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    $\begingroup$ @MaxD if it's worth your time, wash repeatedly with water. There are "drier" compounds people use to make 100% ethanol. But, for all your trouble, you might just "cut" your thinner with more toluene. Toluene may be less soluble in water at lower temperatures too. Curious, what will be your application with the toluene? $\endgroup$ Commented Feb 22, 2023 at 20:31
  • $\begingroup$ @RobertDiGiovanni I'm experimenting with making lava lamps, and toluene should dissolve the solvent dye I have bought, mix with mineral oil and not mix with water (because the solvent dye doesn't dissolve in mineral oil directly, and I think I need some kind of intermediate substance). $\endgroup$
    – MaxD
    Commented Feb 22, 2023 at 20:51
  • $\begingroup$ @MaxD you might be better off with acetone/toluene than water/toluene. You may try other solvents like alcohol, turpentine, or mineral spirits (or more toluene). Unless there is a specific reason to eliminate acetone, you might just keep it. Toluene is only slightly less flammable. Acetone should dissolve in mineral oil. $\endgroup$ Commented Feb 22, 2023 at 21:29
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As DrMoishe Pippik pointed out in his answer, fractional distillation would separate certain amount of toluene from the mixture (Ref.1) without complicating things like adding water (Water make azeotrope with both acetone and toluene).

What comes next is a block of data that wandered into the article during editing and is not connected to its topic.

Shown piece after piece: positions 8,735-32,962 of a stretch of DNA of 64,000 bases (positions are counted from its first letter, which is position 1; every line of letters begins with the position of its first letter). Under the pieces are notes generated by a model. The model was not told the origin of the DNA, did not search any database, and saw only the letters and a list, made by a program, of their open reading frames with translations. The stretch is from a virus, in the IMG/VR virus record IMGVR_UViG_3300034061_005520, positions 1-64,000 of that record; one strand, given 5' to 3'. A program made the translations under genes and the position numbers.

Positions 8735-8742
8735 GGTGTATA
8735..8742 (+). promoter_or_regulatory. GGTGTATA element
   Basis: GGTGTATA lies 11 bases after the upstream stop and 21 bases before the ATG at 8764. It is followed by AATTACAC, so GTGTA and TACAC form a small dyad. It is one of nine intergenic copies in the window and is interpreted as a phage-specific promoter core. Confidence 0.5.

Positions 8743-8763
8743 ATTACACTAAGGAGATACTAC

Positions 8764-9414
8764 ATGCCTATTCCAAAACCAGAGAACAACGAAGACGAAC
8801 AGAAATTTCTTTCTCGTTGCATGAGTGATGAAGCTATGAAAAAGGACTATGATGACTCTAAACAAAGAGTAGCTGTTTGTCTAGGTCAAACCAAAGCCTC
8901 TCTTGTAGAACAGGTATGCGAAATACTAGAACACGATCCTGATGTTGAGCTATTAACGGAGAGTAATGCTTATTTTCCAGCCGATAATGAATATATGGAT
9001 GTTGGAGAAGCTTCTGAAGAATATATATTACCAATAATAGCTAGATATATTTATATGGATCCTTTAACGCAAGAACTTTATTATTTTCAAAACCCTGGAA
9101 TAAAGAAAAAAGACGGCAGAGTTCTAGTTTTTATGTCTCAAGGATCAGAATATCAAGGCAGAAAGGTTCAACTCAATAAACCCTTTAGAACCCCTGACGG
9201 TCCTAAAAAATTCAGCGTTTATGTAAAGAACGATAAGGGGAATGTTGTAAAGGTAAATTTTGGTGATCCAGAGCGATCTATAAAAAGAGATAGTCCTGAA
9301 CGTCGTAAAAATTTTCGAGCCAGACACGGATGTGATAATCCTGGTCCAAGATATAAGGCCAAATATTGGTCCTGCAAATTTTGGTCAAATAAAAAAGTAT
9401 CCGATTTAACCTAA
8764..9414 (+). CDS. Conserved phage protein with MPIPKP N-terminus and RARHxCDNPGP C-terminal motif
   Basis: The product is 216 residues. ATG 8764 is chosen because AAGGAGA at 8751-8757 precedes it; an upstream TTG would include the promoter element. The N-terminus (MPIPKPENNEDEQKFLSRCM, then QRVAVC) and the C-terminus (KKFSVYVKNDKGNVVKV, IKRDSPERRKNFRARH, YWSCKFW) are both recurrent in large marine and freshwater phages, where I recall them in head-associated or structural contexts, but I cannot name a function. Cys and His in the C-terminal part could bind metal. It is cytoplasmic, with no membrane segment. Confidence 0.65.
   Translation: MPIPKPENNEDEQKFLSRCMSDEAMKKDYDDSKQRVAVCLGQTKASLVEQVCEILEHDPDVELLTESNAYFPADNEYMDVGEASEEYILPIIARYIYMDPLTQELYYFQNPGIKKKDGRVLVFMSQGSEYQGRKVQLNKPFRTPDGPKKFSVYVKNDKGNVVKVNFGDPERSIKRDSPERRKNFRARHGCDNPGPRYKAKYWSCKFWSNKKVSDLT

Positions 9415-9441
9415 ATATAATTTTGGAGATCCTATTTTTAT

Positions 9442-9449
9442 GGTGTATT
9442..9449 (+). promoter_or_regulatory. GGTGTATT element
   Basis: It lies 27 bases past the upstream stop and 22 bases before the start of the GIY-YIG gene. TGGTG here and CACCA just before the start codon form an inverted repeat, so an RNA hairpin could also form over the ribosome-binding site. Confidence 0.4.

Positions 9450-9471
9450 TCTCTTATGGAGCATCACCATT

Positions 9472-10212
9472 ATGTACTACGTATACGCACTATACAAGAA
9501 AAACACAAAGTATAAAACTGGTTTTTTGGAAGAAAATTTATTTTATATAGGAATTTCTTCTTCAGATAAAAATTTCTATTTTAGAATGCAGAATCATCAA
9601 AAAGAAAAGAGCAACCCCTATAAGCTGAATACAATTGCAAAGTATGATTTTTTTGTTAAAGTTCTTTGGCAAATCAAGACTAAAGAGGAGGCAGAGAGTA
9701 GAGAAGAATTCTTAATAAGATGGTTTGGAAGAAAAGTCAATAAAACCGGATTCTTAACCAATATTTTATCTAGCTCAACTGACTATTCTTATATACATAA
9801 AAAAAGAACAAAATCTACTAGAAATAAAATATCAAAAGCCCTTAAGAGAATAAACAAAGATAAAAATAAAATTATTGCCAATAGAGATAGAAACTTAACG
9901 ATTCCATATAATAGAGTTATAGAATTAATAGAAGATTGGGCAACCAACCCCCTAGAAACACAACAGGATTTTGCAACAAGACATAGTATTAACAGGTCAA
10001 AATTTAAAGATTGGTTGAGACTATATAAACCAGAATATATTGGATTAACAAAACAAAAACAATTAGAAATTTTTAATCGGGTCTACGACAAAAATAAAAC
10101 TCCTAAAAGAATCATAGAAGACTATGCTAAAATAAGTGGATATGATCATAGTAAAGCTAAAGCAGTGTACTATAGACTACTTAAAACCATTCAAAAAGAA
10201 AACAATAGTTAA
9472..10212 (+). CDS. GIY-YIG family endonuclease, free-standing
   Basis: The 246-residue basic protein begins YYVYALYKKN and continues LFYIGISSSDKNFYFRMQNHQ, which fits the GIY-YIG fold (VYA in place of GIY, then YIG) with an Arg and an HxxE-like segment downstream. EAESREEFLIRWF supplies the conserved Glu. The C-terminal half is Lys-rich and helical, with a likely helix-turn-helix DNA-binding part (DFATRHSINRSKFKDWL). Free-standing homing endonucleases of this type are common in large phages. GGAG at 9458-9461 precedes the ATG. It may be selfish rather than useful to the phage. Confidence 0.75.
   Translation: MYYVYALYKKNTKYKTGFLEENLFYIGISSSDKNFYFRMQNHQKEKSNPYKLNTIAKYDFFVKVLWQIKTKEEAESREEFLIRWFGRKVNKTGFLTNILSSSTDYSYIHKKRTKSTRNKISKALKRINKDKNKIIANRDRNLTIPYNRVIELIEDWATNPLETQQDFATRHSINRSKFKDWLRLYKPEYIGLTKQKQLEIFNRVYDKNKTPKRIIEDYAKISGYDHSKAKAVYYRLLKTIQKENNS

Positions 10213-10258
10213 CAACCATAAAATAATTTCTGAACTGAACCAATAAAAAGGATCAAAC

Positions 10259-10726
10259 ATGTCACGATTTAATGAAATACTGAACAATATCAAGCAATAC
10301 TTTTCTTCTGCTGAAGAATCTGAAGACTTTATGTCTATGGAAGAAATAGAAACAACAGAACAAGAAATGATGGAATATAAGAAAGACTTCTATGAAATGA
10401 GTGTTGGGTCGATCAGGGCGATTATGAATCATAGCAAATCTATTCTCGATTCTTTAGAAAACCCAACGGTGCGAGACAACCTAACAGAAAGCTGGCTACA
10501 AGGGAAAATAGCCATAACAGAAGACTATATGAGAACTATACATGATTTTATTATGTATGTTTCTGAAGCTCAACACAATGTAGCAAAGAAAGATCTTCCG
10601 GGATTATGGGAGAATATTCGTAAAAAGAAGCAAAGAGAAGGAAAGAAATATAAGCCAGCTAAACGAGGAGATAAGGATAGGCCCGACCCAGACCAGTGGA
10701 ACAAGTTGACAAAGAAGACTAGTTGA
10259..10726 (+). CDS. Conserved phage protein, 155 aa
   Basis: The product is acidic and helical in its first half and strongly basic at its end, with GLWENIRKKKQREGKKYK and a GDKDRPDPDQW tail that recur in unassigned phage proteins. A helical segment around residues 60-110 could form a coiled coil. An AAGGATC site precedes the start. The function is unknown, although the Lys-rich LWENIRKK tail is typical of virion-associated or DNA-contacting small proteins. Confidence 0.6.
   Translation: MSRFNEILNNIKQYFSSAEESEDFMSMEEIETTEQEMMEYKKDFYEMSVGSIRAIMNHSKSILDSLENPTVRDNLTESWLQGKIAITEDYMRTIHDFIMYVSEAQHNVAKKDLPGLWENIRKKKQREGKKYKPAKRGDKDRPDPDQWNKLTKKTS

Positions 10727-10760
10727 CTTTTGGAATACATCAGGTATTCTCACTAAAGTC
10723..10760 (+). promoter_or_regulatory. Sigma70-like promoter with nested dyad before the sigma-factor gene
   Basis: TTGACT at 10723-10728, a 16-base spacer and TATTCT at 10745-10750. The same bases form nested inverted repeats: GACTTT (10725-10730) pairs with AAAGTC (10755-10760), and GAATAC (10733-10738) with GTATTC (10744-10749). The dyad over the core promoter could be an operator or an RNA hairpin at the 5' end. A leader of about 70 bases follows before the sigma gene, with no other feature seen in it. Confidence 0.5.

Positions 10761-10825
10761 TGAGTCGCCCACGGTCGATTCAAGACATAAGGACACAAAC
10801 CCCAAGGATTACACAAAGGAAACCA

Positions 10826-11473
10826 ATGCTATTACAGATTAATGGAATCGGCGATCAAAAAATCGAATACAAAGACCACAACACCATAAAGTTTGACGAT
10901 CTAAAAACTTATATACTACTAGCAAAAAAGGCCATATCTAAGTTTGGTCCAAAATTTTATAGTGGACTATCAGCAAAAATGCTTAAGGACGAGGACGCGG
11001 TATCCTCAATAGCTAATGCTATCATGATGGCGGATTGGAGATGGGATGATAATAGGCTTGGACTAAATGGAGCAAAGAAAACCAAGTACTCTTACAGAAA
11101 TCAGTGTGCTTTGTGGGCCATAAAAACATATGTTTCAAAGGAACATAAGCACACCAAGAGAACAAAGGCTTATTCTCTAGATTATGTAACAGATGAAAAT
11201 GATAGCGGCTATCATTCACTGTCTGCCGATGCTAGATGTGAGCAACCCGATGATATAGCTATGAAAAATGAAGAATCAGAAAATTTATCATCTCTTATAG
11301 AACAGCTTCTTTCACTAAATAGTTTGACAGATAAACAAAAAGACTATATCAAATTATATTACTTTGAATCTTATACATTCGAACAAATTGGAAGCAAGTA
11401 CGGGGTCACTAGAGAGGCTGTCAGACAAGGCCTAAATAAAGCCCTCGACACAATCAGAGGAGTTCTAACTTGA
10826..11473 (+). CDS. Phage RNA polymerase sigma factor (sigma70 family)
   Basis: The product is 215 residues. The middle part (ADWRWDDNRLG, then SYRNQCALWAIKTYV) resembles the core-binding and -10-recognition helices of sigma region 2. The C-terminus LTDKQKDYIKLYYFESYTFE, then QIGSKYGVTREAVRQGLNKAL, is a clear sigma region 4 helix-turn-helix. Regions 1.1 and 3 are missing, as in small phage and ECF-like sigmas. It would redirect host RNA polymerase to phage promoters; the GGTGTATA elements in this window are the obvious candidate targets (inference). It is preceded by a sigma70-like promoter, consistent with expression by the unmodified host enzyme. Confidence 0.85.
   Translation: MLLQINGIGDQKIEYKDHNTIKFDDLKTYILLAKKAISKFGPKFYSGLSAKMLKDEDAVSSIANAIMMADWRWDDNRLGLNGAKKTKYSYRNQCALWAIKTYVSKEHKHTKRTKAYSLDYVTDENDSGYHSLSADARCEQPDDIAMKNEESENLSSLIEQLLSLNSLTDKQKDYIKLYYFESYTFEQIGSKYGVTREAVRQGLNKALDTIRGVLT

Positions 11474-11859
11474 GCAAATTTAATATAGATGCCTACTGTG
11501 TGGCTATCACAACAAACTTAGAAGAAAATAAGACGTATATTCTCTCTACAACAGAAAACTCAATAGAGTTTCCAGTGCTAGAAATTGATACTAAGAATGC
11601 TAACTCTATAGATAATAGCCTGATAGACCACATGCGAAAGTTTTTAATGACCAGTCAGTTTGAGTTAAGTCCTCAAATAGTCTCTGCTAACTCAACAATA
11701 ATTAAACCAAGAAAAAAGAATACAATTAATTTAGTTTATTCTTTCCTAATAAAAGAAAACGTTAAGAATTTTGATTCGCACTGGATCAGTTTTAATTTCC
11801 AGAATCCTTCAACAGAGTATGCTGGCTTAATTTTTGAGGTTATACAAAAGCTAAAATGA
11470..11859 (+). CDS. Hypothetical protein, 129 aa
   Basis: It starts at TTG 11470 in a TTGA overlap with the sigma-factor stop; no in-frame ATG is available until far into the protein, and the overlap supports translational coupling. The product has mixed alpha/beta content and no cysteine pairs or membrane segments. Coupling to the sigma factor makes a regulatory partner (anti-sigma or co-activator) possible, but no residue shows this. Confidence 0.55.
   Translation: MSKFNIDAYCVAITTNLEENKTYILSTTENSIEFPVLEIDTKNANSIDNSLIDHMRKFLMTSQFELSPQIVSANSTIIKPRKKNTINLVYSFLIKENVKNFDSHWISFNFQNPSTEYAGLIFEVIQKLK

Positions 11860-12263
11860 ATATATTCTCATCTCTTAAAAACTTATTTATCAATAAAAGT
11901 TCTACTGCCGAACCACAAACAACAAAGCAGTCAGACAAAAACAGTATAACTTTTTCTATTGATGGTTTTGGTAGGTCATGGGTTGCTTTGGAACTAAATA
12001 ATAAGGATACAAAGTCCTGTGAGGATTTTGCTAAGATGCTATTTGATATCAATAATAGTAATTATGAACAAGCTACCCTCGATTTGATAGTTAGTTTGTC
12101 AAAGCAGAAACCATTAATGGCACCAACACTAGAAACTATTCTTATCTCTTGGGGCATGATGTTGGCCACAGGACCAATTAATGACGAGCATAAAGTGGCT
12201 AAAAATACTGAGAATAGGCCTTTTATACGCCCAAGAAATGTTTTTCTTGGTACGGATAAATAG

$$ \begin{array}{c|ccr} n \ (\text{Frac. #}) & \text{% toluene in the frac.} & \text{mole frac. acetone (calc.)} & \pu{T ^\circ C} \\ \hline 1 & 20 & 0.85 & 57-60 \\ 2 & 30 & 0.77 & 60-68 \\ 3 & 50 & 0.59 & 68-73\\ 4 & 60 & 0.49 & 73-78 \\ 5 & 70 & 0.40 & 78-87 \\ 6 & 80 & 0.27 & 87-97\\ 7 & 90 & 0.14 & 97-103 \\ 8 & 98 & 0.03 & 103-106 \\ 9 & 100 & 0.00 & 106-109\\ \hline \end{array} $$

Note that, in this separation, initial mixture has contained 30% acetone by volume.

References:

  1. H. M. Coleman, "Laboratory demonstration of fractional distillation," J. Chem. Educ. 1967, 44(8), 476-476 (DOI: https://doi-org.srv-proxy2.library.tamu.edu/10.1021/ed044p476).
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    $\begingroup$ If the OP could manage some even primitive column, like a wide inert glass/metal tube, filled by suitable glass/ceramic/inert pieces, not packing themselves too tightly to have enough air around, he could manage distilling out most of acetone before significant amount of toluene evaporates too. But I admit it may be challenging to manage. $\endgroup$
    – Poutnik
    Commented Feb 23, 2023 at 12:11
  • $\begingroup$ The column used in this research is just a air condenser with glass wool in it (I believe). I agree, it'd be challenging and get complicated if decide to add water to azeotrope one or both. $\endgroup$ Commented Feb 23, 2023 at 14:30
  • $\begingroup$ Glass wool IMHO could act as a little strange multiple floor distillation column. It could work for acetone/toluene well. (The link seems to be behind paywall or requires registration and perhaps student/academy status) $\endgroup$
    – Poutnik
    Commented Feb 23, 2023 at 14:53
  • $\begingroup$ I think glass wool would plug up too easily. $\endgroup$ Commented Feb 24, 2023 at 18:11